A quick first glance at the computer-generated images of Gehry’s designs (left), do tend to support this opinion. The light colour of his chosen sandstone façade and its Picasso-like skewed angles, could simultaneously merge neatly with the limestone of the Behrens’ constructions that encircle the open plaza, and draw the eye away from their bland box-like uniformity. Yet a longer, more considered second look points it out as the ‘sore-thumb’ that is destined to be. Projected to stand at 150 meters tall,  making it one of the tallest buildings in Berlin (second only to the Fernsehturm) and resembling an elongated version of on his previous constructions to be found in Manhattan, Gehry’s design almost appears as to be a result of failed translation. However, as Berlin remains determined to ‘reach for the sky’ it is interesting to note that it is not the architects that are holding the smoking gun on this project, but the Senate itself. As is evidenced through a comparison images of the runner’s up in this Architectural competition, the height of this soon to be realized apartment block and its precise location were two set guidelines that participating architects had to work with.

As such a significant blight on Berlin’s iconic skyline, one question must but asked about this build – Exactly what purpose does it serve? “Other than flats and a hotel? On current impressions the answer is, not much.”[4] Surely a development that attempted to sync with its surrounding districts, providing “recreation facilities, inexpensive movie theaters and restaurants, sports facilities”[5] would be better than dominative desire to “make Berlin the envy of all other metropli and the most important and richest city in the universe” [6].

But, Fear Not!, citizens of Berlin. There may be hope yet. As of June this year, Local Berlin Newspapers have reported that Gehry’s Skyscraper may be simply too much for Alexanderplatz to handle. Berlin’s transport organisation the BVG have voiced concerns that the immense weight of this new enormous building will damage the structural integrity of the U5 and U-Bahn tunnels running underneath the square. In an attempt to determine an answer to this question, as well as the BVG’s further query about whether this development will interrupt the train services, the Berlin Senate have been forced to put its plans on hold.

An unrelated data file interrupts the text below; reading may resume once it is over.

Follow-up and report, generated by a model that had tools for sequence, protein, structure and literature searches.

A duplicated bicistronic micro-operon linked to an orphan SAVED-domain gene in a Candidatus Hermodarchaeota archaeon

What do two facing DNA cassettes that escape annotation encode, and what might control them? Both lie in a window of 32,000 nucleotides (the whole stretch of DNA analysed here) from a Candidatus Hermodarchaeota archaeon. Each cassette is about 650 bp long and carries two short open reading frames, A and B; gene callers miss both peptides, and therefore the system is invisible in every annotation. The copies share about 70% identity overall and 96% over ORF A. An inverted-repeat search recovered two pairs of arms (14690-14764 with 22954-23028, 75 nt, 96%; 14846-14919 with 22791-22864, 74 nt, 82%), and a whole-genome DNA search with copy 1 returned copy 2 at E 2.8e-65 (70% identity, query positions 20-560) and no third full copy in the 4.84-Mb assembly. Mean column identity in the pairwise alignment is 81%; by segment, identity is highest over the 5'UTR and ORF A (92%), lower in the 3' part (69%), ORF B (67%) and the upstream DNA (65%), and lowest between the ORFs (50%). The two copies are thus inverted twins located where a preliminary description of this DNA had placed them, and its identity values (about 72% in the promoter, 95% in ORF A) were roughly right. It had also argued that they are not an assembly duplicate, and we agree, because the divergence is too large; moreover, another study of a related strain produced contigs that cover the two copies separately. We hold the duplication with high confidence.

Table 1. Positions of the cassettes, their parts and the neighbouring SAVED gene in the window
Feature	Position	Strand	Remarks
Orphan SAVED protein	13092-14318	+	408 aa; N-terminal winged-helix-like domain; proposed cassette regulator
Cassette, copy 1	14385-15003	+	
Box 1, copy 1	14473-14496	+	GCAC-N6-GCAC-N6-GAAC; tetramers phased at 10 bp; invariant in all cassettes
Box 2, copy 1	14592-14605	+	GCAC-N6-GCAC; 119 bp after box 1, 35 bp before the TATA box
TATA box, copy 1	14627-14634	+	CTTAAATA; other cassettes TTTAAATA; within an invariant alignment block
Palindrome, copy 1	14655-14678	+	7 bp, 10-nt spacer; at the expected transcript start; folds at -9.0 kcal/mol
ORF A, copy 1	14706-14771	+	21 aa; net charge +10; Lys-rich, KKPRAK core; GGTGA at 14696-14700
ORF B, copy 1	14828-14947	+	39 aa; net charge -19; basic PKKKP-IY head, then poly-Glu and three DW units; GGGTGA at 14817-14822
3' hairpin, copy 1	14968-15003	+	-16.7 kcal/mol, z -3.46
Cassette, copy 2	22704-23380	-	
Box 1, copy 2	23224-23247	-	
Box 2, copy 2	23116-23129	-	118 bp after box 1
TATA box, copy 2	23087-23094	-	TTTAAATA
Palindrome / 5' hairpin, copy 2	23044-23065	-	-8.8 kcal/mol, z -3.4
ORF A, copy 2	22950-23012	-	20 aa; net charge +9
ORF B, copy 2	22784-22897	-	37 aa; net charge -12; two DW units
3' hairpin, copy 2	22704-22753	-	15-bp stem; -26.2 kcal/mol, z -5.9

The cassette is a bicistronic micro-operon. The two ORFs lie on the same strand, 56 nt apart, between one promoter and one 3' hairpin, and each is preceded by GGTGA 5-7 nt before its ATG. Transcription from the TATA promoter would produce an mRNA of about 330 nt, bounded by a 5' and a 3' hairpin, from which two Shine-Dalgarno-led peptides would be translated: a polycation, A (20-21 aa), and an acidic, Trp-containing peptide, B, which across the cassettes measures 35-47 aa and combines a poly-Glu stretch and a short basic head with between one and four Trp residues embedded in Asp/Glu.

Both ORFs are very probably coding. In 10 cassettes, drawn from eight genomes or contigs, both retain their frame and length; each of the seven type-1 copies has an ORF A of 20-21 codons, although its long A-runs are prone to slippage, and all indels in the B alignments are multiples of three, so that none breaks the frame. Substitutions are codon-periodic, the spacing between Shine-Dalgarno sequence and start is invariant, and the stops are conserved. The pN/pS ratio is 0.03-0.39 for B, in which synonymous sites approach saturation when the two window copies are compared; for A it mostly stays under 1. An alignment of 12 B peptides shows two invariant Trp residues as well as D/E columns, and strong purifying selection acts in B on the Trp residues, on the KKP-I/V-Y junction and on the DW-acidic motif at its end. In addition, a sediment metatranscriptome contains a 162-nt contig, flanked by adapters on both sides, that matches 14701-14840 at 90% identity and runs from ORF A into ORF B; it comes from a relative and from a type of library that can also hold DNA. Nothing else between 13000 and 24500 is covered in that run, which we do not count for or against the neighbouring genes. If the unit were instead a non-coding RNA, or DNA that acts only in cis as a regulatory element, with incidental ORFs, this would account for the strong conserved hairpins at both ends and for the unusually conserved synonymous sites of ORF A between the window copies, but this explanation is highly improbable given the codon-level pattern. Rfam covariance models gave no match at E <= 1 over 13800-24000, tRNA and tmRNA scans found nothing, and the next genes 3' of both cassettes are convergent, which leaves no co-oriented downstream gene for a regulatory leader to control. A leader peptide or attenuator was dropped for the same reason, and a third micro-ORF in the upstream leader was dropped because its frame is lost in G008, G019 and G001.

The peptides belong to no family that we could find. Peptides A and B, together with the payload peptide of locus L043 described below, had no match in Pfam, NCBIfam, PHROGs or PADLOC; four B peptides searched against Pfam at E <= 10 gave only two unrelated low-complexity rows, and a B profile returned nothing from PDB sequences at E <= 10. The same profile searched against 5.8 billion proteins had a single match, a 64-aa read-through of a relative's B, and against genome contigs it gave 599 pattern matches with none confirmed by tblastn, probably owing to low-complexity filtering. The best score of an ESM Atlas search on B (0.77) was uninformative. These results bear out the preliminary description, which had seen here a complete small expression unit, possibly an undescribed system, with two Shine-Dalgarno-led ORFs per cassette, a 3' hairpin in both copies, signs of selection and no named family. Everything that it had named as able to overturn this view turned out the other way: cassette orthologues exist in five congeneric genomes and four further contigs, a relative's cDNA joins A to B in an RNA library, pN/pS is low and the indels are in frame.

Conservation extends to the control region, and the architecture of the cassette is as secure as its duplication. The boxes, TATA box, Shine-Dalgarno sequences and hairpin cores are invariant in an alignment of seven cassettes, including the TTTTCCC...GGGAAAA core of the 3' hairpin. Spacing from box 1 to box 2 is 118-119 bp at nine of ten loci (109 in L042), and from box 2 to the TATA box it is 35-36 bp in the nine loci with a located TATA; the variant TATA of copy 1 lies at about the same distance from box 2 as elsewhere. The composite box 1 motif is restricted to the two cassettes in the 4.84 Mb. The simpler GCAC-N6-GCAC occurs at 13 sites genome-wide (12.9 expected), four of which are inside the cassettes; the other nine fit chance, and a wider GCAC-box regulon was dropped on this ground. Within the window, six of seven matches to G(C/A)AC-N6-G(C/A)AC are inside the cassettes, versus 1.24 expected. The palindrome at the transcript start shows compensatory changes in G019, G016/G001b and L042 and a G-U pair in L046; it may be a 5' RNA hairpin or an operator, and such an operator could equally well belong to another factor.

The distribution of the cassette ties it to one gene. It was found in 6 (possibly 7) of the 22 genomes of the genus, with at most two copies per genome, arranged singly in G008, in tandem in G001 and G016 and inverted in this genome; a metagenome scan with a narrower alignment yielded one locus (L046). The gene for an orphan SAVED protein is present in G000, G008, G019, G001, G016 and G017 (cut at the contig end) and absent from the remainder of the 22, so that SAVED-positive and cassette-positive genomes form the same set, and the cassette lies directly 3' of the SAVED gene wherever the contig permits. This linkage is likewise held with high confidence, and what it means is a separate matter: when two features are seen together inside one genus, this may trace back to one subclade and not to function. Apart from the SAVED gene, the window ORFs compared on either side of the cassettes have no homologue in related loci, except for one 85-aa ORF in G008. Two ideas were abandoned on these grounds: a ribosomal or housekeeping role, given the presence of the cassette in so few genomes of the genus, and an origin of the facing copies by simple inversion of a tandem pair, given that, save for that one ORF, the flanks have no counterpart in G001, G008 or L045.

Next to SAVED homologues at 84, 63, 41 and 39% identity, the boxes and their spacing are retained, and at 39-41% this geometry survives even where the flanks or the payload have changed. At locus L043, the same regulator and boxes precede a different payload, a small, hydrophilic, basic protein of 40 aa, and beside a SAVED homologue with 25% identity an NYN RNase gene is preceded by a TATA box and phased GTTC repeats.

Hine’s developers cling to the hope that the project will begin as planned in 2015, but enough is enough. Berlin’s skyline needs to be saved, and the Berliner’s are begging: “please…leave us something that we can remember on this site.” [7]


*To view the contributions and winning designs of the residential tower-competition visit here!

[1| Quote from Fred Seale’s article  “Architects plan garden city” published on the 13th November 2013 by “The Local: Germany’s News in English”

[2] Liebeskind, “Berlin Alexanderplatz: Ideologies of Design and Planning and the Fate of Public Space”, Published Fall 1995 by the Journal of the International Institute

[3] Rosenfeld, “Frank Gehry Chosen to Design Berlin’s Tallest Tower” Published February 3 2014, by ArchDaily

[4]Minimum Blog , “Gehry Partners to build new tower block on Berln Alexanderplatz” First Published January 29 2014

[5] Liebeskind, “Berlin Alexanderplatz: Ideologies of Design and Planning and the Fate of Public Space”, Published Fall 1995 by the Journal of the International Institute

[6] Minimum Blog , “Gehry Partners to build new tower block on Berln Alexanderplatz” First Published January 29 2014

[7] Liebeskind, “Berlin Alexanderplatz: Ideologies of Design and Planning and the Fate of Public Space”, Published Fall 1995 by the Journal of the International Institute